Prices of countries such as Namibia, Australia, Brazil, Uruguay, Mexico, Russia and Ukraine are more or less on the same level or lower than that of South Africa. Yet the prices of European countries and North America are remarkably higher than that of South Africa. Therefore, these prices should provide ideal export opportunities when South Africa can get its animal health status under control so that borders to these countries can open.

Figure 2: Weaned calf prices per 100kg LW (2018). (Source: agri benchmark, 2019)

In terms of productivity South Africa does not reach the benchmark its peers set in terms of lamb losses (Figure 3) and number of lambs weaned (Figure 4). South Africa has some of the highest lamb losses compared to other countries (Figure 3), while the number of lambs weaned per 100 ewes is among the lowest (Figure 4). Interestingly, although productivity in South Africa is lower than that of countries such as Australia and Namibia, our prices are on par with these countries, resulting in lower profitability, lower revenue and higher costs.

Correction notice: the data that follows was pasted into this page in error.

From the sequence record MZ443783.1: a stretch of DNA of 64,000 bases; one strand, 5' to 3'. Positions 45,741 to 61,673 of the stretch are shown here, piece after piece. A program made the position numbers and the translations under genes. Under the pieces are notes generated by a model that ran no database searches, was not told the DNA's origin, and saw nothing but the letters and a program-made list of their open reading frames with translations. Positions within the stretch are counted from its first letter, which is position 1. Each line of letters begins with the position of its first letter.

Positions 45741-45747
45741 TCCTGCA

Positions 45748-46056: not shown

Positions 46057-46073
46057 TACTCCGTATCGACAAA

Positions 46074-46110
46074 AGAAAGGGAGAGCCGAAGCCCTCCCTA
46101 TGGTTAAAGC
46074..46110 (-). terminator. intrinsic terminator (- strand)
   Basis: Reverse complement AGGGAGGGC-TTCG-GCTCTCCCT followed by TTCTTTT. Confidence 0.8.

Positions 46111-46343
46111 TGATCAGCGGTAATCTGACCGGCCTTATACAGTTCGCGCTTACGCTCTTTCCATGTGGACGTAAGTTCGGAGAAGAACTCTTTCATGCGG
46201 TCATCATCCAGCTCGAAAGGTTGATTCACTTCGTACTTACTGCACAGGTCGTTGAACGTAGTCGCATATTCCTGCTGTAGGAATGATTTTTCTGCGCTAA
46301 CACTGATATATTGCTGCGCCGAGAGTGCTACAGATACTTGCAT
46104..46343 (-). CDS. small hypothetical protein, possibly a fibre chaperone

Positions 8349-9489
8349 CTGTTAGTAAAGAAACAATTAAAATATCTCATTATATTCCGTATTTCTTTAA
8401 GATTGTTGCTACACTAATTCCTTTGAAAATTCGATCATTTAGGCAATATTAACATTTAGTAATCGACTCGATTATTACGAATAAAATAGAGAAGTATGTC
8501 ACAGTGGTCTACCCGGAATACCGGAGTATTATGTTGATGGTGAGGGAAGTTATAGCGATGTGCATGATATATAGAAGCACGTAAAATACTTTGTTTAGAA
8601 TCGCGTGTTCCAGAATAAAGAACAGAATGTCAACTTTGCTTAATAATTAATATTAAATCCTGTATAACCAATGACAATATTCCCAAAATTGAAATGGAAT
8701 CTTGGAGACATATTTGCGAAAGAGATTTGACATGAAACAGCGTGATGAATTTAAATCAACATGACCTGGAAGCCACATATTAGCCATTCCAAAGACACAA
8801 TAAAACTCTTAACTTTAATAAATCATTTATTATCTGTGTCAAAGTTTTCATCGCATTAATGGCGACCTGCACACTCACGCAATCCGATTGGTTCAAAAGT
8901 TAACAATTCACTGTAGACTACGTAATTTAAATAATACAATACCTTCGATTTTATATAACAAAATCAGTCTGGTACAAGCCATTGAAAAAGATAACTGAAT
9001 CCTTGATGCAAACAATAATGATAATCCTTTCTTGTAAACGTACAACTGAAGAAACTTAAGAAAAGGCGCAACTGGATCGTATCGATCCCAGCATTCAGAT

Figure 3: Lamb losses as a percentage of lambs born. (Source: agri benchmark, 2019)

Figure 4: Lambs weaned per 100 ewes per year. (Source: agri benchmark, 2019)

As in the case of prices, the cattle industry sketches a better scenario than the sheep industry when it comes to productivity. The number of calves weaned per 100 cows (Figure 5) in South Africa compares well to the benchmark of other countries and is, in fact, higher in many comparisons. Moreover, the fact that the benchmarking of cattle productivity compares much better than that of sheep, also emphasises the fact that predation and livestock theft are taking their toll on sheep producers.